Significant genetic risk factors remain unknown
Hereditary diffuse gastric cancer (HDGC) is a cancer syndrome characterised by a very high risk of diffuse-type stomach cancer, and an elevated risk of lobular breast cancer. About 40% of families who meet the clinical criteria (e.g. three or more cases of diffuse gastric cancer in the family) have a germline mutation in the gene CDH1 that encodes the cell-to-cell adhesion protein E-cadherin. However the underlying genetic risk factors for the other 60% of families with HDGC remains unknown.
Higher rate of incidence for Māori
In New Zealand, Māori have rates of gastric cancer three times higher than that of patients of European decent. It is one of the few populations for which diffuse-type is more common than the intestinal-type gastric cancer. Many risk factors have been identified but the reasons behind the increased rates, and more common diffuse type in Māori are not clear.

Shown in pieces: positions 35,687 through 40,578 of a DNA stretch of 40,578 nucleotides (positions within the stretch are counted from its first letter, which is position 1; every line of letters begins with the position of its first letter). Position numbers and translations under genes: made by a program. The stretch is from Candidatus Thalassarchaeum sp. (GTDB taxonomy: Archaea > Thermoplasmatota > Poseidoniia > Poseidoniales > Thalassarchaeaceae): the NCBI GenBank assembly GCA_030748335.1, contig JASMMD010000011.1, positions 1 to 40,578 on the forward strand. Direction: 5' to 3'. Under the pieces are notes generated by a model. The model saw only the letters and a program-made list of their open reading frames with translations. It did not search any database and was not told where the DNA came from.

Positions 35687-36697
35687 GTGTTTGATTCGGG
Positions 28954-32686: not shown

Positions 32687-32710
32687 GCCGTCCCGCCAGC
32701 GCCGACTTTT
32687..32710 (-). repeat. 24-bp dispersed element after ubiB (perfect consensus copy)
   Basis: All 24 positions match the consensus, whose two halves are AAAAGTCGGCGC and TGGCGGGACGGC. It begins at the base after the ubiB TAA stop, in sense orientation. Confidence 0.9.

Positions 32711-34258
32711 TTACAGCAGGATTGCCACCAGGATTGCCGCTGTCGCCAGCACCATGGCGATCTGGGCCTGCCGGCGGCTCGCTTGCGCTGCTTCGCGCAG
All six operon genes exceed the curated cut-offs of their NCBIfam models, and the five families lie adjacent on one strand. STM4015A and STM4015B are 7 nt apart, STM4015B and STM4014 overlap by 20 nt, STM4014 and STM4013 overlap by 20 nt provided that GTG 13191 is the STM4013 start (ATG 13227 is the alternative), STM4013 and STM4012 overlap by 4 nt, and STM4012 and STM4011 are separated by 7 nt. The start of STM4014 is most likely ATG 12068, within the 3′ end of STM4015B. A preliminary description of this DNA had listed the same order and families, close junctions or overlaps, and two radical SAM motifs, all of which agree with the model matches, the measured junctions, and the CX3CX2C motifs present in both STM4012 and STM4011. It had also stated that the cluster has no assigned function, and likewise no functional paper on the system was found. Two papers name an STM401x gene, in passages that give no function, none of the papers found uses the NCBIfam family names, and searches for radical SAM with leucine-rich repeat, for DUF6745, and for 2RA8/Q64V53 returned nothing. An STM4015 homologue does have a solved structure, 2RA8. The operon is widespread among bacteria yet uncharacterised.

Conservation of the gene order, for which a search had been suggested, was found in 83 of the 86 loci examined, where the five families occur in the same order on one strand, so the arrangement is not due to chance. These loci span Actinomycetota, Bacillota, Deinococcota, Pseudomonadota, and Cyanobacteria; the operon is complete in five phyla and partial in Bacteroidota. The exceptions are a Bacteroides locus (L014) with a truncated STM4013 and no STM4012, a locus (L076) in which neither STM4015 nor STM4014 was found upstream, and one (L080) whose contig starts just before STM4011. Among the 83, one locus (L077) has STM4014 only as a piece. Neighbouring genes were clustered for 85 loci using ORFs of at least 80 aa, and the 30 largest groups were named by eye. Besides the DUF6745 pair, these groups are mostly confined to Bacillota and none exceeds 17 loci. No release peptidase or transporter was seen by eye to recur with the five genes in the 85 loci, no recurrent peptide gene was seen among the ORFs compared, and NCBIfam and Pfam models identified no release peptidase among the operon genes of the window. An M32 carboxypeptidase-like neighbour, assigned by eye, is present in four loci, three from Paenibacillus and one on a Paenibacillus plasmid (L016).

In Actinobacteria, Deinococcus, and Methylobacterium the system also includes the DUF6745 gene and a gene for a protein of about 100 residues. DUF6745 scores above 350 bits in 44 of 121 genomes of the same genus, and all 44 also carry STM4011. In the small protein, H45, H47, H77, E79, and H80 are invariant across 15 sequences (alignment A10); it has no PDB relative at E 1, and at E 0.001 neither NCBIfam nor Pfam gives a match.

DNA sequencing to find novel inherited mutations
In this project, we are using next-generation DNA sequencing technology to identify novel inherited mutations in gastric cancer families who do not have germline mutations in CDH1. By finding these mutations we will be able to offer genetic testing to affected families leading to better, more targeted clinical care.
Understanding increased rate will lead to new strategies
By determining the rates, and types of CDH1 mutations in these patients we will provide a better understanding of the increased rate of gastric cancer in Māori. We hope to find an explanation for why diffuse type gastric cancer is so common. This will lead to new strategies in the surveillance, and management of gastric cancer in Māori as well as well as populations worldwide.